Lobster is sold by the lb., which is spelled “lb.” rather than “pound” to differentiate between the lobster’s weight and a tidal lobster pound, which is generally a cove fenced off to hold and feed previously trapped lobster until holidays or until prices rise enough that the product can be sold to financial advantage.
Lobster can be sold ungraded, which means buying it as it comes: in varied sizes and shell quality; or graded, which means being sold by size and by shell quality. Hard or old shell lobster bring more money than soft, shedder, or new shell lobster. One-clawed lobster are called culls and pistols; lobster lacking claws are called culls and bullets.
Two other shell problems lower the price: shell disease, which one might liken to severe acne because it affects shell quality only. Such lobster tastes the same as top quality lobster, but because it looks unattractive on the plate, it sells for less, as it can be sold for its meat content only. Cookers are lobster having such weak shells they cannot be transported and must be cooked immediately.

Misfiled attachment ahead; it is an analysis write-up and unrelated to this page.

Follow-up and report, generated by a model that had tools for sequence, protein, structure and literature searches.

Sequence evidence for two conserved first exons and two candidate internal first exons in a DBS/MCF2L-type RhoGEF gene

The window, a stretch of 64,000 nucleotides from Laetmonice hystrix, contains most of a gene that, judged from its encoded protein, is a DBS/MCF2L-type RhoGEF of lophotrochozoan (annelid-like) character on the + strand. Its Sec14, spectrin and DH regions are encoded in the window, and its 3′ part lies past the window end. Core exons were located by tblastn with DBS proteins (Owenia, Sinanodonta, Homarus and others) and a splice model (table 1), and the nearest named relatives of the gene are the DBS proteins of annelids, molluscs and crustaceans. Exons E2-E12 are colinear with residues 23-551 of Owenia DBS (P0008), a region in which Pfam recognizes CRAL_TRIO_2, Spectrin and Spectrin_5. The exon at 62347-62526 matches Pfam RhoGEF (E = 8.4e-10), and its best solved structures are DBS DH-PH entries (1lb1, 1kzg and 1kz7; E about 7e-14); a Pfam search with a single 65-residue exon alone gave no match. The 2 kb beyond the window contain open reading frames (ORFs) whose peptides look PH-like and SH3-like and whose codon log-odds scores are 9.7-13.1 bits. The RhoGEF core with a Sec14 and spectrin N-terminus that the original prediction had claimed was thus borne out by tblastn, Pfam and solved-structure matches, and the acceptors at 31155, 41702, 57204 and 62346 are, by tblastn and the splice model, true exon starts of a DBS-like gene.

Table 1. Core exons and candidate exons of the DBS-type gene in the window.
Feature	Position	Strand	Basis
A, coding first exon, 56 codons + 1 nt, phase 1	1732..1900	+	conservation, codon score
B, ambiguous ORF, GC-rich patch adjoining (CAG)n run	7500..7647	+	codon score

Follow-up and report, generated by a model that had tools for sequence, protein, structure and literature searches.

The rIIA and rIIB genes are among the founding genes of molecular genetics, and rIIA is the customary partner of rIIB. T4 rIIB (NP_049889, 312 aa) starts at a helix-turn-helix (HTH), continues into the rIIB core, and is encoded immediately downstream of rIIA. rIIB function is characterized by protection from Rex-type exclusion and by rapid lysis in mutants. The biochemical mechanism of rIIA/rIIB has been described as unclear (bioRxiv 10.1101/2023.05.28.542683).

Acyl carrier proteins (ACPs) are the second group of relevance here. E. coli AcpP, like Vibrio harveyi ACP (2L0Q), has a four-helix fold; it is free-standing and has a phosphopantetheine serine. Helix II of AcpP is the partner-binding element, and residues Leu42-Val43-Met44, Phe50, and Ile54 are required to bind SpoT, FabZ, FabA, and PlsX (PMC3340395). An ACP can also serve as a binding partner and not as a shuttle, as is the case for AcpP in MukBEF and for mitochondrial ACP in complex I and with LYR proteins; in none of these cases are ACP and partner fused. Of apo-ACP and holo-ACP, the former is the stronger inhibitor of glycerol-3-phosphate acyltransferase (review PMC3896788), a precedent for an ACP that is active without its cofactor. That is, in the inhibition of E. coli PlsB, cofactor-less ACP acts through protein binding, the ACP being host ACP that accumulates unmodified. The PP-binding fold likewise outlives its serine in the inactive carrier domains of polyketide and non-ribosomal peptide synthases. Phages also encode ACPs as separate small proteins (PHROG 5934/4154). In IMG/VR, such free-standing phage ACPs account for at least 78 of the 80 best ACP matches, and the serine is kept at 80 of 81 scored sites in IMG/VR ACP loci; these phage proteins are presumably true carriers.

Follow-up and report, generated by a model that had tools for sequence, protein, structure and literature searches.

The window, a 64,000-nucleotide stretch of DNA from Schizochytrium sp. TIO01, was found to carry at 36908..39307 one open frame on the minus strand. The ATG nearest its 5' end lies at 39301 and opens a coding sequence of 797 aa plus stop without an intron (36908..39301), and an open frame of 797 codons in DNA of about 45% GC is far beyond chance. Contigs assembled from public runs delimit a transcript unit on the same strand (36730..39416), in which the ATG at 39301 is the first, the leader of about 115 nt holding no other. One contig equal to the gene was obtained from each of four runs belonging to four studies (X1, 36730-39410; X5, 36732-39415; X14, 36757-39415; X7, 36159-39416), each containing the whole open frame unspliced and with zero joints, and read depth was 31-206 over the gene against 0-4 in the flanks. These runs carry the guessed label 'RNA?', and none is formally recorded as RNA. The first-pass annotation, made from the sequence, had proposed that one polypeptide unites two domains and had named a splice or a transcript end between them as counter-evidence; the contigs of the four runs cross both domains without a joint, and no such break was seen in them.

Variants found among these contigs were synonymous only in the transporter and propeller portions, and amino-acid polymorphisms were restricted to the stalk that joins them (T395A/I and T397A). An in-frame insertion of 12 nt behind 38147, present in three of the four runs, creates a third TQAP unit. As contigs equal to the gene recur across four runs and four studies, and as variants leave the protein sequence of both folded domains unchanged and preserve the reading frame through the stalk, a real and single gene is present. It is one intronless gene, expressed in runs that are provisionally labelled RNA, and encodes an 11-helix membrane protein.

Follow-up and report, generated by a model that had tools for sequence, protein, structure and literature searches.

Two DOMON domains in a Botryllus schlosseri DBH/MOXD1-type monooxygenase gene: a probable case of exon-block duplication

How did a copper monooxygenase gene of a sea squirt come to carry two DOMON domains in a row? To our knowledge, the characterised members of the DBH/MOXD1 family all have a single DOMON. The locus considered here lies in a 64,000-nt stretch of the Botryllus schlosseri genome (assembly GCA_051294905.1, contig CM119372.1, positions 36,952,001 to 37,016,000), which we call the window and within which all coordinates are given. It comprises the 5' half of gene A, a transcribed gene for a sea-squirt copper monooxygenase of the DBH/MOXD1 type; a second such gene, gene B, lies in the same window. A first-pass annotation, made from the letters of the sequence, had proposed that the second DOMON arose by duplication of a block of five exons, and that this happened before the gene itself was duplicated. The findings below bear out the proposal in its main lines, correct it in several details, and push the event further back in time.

Lobsters that are 1 to 1 1„4 lb. are called chix and quarters. Lobsters that are 1 3„4 lb. are called three-quarters. Two lb. lobster are called twos, two pounders, and selects. Larger sizes are referred to by weight: i.e., threes, or three pounders, or called jumbos.
In Maine, the minimum size is 3 1/4″ from the eye socket to the end of the body shell. There is no minimum weight. The maximum legal size is 5 inches from the eye socket to the end of the body shell.
The exception: fishermen who sell their catch on the dock sell by size, whether hard or shedder, and whether the lobster has two claws. For instance: chix and quarters usually go for $8 each, pound-and-a-halves go for $10 each, and culls go for $6 apiece.